Mr. Alcock: Madam Chairperson, just to deal with the minister's first comment about long‑term money. Any of the analysts that I have discussed this with suggested the HydroBonds have to be compared with six‑month money, because they are redeemable in six months, and that statement has been made on several of the discussions that have taken place relative to these bonds. In fairness to the minister, prime rate has dropped, and the 5.83 or 5.92 or whatever the rate for six‑month money was at the time that the minister set the rate was somewhat higher than the rate which has been quoted, but I was legitimately interested as to why we have as big a spread as that.
me just go on a step further. I
understand too we pay a 97.5 cent fee to brokers and banks and the like who
sell these bonds for every $100 worth of bonds that are sold. I further understand that the
Mr. Manness: Well, Madam Chairperson, I will gladly engage in debate on that issue. Let me say first of all, though, the point I probably did not make before to the previous question is that five‑year money compared to the HydroBonds, which has a floor now of 7 percent‑‑if I were to go to the marketplace outside of Manitoba for that same term, I would have to pay 8 7/8 for five‑year money. That is what Hydro would have to pay for five‑year money if we had to go to the Canadian domestic market. So I see still an incredible saving for Manitoba Hydro, and of course the benefactor of that is our own bond purchasers.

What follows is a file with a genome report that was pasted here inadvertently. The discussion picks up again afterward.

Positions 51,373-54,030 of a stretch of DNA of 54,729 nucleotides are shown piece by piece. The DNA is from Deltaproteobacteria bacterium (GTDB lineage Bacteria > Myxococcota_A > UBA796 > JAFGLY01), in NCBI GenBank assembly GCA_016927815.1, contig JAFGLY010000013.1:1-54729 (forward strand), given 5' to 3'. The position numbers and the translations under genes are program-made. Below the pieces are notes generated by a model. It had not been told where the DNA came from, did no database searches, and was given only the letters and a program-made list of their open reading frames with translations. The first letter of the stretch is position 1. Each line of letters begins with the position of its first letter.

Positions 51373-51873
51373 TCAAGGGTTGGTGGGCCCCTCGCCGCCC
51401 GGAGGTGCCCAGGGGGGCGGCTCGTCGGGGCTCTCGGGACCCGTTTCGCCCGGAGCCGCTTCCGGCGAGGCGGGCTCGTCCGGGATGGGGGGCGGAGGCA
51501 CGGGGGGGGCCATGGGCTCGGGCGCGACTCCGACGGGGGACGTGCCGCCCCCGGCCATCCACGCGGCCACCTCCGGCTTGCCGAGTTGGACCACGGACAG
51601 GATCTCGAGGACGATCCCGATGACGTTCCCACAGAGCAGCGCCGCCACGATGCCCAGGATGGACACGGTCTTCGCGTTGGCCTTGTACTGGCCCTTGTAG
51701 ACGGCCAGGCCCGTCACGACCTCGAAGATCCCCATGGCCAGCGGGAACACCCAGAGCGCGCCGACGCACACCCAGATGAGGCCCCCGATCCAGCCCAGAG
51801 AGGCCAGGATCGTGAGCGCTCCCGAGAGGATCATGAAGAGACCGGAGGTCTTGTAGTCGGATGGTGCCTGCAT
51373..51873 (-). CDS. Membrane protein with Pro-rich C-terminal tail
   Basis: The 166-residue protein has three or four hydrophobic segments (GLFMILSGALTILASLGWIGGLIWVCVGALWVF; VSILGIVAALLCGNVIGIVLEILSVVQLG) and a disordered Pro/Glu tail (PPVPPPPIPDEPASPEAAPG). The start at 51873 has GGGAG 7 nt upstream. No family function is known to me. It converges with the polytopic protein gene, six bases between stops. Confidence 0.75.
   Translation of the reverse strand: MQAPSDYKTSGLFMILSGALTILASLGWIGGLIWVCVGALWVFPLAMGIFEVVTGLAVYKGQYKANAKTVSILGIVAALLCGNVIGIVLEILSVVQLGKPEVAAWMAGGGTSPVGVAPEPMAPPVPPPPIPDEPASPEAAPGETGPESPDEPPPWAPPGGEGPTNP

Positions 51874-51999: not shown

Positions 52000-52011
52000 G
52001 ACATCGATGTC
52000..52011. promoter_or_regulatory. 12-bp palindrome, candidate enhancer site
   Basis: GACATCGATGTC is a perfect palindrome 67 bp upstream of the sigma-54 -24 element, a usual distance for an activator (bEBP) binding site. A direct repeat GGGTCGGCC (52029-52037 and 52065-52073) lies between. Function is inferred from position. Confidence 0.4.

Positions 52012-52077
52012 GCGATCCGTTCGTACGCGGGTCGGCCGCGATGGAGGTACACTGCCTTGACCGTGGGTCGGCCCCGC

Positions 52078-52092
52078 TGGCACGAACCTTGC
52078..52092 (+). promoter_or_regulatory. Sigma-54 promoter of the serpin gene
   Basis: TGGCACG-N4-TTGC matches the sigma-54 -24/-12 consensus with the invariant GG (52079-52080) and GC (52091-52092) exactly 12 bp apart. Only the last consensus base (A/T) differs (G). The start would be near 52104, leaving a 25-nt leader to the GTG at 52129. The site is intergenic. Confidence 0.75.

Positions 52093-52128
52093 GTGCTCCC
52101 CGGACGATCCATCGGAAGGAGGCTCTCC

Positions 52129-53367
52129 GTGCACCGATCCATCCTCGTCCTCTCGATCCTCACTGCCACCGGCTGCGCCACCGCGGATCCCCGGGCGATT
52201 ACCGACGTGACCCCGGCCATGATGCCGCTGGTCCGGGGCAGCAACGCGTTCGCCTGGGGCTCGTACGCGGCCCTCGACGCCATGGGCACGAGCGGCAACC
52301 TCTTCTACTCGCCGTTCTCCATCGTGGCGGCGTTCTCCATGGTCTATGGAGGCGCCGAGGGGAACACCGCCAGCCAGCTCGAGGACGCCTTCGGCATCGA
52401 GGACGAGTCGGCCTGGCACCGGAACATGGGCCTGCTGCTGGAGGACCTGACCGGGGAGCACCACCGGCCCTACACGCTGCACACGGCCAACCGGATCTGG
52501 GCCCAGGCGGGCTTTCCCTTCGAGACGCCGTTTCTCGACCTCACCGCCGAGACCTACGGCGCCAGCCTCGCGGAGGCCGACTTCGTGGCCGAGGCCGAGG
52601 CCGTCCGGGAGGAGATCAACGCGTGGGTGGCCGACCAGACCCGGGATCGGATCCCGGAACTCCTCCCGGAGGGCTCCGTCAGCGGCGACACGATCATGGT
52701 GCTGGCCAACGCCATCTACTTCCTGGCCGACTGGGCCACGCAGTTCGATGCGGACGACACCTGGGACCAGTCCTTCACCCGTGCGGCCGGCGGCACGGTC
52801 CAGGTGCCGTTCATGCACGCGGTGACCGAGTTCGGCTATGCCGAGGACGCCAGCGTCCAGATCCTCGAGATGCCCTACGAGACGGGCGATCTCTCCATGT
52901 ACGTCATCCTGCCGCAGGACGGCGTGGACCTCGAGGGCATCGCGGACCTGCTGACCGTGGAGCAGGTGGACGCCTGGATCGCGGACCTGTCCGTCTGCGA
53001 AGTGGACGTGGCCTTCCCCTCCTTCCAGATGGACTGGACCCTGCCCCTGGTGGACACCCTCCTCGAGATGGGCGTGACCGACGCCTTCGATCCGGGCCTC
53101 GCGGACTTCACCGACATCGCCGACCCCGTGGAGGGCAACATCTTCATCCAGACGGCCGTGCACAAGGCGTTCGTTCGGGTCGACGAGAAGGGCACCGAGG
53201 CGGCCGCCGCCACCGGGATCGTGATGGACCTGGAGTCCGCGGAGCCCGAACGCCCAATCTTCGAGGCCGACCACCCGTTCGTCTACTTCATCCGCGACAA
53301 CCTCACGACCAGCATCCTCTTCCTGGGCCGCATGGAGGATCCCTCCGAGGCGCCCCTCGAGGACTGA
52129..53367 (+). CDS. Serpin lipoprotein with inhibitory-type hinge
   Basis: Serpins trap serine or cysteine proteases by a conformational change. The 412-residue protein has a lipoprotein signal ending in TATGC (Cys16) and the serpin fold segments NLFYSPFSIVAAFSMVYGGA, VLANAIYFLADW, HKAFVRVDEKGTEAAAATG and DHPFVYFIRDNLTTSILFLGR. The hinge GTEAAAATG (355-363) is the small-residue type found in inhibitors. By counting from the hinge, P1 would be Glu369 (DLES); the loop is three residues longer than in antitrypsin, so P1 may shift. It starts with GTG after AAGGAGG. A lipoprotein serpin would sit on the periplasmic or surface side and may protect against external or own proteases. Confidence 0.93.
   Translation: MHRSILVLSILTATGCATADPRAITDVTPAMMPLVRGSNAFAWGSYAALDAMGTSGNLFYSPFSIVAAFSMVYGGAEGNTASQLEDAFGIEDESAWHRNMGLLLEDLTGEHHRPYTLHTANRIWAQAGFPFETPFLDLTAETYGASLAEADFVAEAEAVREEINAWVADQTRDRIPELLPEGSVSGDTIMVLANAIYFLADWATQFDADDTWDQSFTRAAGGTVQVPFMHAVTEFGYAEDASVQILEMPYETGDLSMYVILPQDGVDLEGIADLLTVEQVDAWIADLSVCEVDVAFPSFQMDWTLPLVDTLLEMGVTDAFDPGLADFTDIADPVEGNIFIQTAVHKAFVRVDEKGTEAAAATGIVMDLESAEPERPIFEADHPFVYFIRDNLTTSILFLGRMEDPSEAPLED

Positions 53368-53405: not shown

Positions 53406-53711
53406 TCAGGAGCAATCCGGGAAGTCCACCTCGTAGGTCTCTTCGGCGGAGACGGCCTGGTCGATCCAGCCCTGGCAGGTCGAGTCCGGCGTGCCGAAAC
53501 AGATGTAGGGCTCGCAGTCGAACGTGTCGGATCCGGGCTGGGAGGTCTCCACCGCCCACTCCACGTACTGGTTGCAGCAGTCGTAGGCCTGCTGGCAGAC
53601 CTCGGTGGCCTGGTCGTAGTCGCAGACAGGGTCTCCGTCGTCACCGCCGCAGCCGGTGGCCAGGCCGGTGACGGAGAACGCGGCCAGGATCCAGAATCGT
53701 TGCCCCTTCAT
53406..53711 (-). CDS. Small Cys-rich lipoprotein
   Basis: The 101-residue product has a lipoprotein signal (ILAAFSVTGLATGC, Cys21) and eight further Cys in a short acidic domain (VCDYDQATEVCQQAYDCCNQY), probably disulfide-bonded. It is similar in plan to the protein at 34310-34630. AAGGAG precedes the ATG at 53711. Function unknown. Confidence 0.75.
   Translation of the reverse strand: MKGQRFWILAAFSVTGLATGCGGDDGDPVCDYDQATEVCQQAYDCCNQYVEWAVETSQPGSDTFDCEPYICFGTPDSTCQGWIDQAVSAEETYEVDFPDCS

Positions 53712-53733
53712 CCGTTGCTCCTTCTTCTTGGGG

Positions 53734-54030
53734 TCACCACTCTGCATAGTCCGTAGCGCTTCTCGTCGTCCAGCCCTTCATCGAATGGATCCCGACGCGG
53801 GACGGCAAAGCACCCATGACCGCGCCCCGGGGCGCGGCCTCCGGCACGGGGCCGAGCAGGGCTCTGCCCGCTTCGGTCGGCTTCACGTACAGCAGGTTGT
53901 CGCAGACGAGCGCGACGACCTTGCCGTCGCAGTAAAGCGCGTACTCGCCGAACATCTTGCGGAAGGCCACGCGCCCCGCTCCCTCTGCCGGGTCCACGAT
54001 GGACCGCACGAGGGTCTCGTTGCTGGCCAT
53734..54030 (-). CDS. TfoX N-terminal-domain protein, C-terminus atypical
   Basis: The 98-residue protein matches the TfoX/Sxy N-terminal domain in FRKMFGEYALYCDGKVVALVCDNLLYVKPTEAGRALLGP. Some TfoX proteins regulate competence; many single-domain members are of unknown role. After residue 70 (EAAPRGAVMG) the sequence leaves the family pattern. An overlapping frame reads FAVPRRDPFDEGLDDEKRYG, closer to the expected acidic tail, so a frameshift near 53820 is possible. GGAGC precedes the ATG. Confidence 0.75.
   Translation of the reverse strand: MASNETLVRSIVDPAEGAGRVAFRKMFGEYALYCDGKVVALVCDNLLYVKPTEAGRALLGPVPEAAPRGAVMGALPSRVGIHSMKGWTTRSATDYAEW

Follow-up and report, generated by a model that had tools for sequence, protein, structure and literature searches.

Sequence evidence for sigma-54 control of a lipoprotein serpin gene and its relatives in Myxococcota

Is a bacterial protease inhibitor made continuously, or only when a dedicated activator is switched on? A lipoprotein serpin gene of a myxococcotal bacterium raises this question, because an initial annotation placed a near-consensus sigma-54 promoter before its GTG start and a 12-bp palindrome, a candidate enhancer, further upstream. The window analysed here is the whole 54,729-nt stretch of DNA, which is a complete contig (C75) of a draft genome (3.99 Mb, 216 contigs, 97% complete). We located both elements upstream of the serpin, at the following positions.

Now, with respect to the commissions, the member is right, I provide a 15/16ths of 1 percent commission, or 0.9375. Alberta is at 3/4s of 1 percent, 0.75, but I ask the member to bear in mind that their programs, particularly Saskatchewan and Alberta savings bond programs, have been running much longer than that of Manitoba Hydro. They are well established.
have to say in all honesty to the member, and this may come as advance notice
to the commission houses, that in another year too we may be looking at
beginning to shave these commission rates.
We had to‑‑you must remember where we came from. We came from the